II. Introduction

Corn quality information is important to foreign buyers and other industry stakeholders as they make decisions about purchase contracts and processing needs for corn for feed, food, or industrial use. The U.S. Grains Council 2016/2017 Corn Export Cargo Quality Report provides accurate, unbiased information about the quality of U.S. yellow commodity corn as it is assembled for export early in the marketing year. This report provides test results for corn samples collected during the U.S. government-licensed sampling and inspection processes for U.S. corn waterborne and rail export shipments.

This Export Cargo Report is based on 430 yellow commodity corn samples collected from corn export shipments as they underwent the federal inspection and grading processes performed by the U.S. Department of Agriculture (USDA) Federal Grain Inspection Service (FGIS) or licensed inspectors at interior offices. The sample test results are reported at the U.S. aggregate level (U.S. Aggregate) and by export points associated with three general groupings, which are labeled Export Catchment Areas (ECAs). These three ECAs are identified by the three major pathways to export markets:

  1. The Gulf ECA consists of areas that typically export corn through U.S. Gulf ports;
  2. The Pacific Northwest ECA includes areas that usually export corn through Pacific Northwest and California ports; and
  3. The Southern Rail ECA comprises areas that generally export corn to Mexico by rail from inland subterminals.

The sample test results are also summarized by “contract grade” categories (“U.S. No. 2 or better” and “U.S. No. 3 or better”) to illustrate the practical quality differences between these two contract specifications.

This report provides detailed information on each of the quality factors tested, including average, standard deviation, and distribution, for the U.S. Aggregate and for each of the three ECAs. The “Quality Test Results” section summarizes the following quality factors:

  • Grade Factors: test weight, broken corn and foreign material (BCFM), total damage, and heat damage
  • Moisture
  • Chemical Composition: protein, starch, and oil concentrations
  • Physical Factors: stress cracks, stress crack index, 100-kernel weight, kernel volume, kernel true density, whole kernels, and horneous (hard) endosperm
  • Mycotoxins: aflatoxins and DON

Details about the testing analysis methods used for this report are provided in the “Testing Analysis Methods” section.

Within this 2016/2017 Export Cargo Report is a simple average of the quality factors’ averages and standard deviations from the previous five Export Cargo Reports (2011/2012, 2012/2013, 2013/2014, 2014/2015, and 2015/2016). These simple averages are calculated for the U.S. Aggregate and each of the three ECAs, and are referred to as “5YA” in the report.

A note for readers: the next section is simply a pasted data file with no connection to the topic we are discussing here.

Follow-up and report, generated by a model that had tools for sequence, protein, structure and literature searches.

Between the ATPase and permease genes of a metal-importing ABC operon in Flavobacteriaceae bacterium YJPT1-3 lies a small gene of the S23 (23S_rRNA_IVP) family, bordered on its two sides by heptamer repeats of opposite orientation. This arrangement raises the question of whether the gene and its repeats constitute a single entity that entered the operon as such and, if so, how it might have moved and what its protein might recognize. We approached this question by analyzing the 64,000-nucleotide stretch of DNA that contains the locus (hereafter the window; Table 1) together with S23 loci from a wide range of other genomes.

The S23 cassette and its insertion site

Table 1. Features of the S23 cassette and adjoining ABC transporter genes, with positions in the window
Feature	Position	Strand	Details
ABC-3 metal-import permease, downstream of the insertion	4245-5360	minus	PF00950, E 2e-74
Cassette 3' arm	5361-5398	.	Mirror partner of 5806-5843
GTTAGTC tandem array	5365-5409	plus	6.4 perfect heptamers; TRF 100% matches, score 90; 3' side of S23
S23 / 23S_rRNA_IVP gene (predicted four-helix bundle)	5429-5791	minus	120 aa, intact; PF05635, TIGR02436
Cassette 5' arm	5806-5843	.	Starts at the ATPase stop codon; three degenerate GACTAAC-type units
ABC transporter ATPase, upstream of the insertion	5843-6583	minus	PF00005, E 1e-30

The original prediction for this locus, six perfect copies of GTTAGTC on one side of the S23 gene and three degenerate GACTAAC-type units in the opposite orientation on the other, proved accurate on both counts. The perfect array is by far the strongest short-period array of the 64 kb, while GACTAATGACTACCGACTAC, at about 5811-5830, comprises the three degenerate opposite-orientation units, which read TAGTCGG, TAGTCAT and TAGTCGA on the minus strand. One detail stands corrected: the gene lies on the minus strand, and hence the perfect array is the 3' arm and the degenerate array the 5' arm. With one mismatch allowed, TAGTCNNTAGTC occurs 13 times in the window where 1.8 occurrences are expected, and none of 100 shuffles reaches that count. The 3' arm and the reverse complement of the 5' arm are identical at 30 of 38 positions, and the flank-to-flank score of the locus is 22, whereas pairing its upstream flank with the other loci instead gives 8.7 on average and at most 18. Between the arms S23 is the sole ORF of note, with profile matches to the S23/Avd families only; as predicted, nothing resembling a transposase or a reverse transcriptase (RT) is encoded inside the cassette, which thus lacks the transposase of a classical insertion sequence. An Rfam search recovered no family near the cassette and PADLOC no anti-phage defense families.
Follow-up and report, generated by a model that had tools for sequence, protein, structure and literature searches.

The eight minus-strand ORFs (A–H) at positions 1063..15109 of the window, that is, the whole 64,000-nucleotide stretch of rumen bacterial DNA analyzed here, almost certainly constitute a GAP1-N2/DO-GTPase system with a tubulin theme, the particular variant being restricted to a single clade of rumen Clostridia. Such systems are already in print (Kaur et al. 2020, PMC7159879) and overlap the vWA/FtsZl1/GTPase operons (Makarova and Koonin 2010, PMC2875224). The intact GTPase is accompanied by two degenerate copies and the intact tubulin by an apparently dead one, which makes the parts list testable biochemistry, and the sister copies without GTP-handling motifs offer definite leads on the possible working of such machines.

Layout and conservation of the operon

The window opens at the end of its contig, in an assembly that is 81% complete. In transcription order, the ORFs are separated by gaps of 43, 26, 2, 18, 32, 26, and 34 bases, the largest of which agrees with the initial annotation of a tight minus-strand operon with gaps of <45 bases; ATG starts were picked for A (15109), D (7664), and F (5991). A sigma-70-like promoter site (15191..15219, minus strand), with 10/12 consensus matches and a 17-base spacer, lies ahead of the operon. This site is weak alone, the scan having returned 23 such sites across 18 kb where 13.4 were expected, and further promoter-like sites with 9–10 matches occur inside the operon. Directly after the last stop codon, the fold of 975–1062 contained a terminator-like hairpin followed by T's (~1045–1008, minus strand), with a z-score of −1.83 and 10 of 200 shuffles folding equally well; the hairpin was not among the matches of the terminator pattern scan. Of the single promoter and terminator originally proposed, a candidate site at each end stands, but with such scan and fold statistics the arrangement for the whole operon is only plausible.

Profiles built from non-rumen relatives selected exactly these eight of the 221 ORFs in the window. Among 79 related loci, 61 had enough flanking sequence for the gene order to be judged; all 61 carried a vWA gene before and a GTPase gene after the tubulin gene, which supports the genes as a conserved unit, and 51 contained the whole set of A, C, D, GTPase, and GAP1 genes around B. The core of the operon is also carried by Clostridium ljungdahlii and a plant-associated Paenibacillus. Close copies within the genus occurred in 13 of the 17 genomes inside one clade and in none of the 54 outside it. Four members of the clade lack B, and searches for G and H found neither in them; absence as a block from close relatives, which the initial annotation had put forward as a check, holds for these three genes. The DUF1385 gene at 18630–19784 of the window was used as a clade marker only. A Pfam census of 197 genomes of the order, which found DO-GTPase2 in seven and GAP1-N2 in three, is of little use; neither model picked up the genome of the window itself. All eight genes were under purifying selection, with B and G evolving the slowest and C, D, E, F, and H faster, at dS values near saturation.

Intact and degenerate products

For the 2016/2017 Export Cargo Report, FGIS and interior offices collected samples during December 2016 through mid-March 2017 to generate statistically valid results for the U.S. Aggregate and by ECA. The objective was to obtain enough samples to estimate quality factor averages of the corn exports with a relative margin of error (Relative ME) not more than ±10%, a reasonable target for biological data such as these factors. Details of the statistical sampling and analysis methods are presented in the “Survey and Statistical Analysis Methods” section.

This 2016/2017 Export Cargo Report is the sixth in a series of annual surveys of the quality of U.S. corn exports early in the marketing year. In addition to the Council reporting the quality of corn exports early in the current marketing year, the cumulative Export Cargo Report surveys will provide increasing value to stakeholders. The six years of data enable export buyers and other stakeholders to begin making year-to-year comparisons and assessing patterns in corn quality based on growing, drying, handling, storage, and transport conditions.

The Export Cargo Report does not predict the actual quality of any cargo or lot of corn after loading or at destination, and it is important for all players in the value chain to understand their own contract needs and obligations. Many of the quality attributes, in addition to grade, can be specified in the buyer-seller contract. In addition, this report does not explain the reasons for changes in quality factors from the Harvest Report to the Export Cargo Report. Many factors, including weather, genetics, commingling, and grain drying and handling, affect quality changes in complex ways. Sample test results can vary significantly depending on the origination of the corn, the ways in which a corn lot was loaded onto a conveyance, and the method of sampling used.

A companion report, the U.S. Grains Council 2016/2017 Corn Harvest Quality Report, was released in December 2016 and reported on the quality of the corn as it entered the U.S. marketing system. The 2016/2017 Harvest Report and the 2016/2017 Export Cargo Report should be studied together so that changes in corn quality occurring between harvest and export can be understood. A review of how corn quality evolves from the field to the ocean vessel or railcar is provided in the “U.S. Corn Export System” section.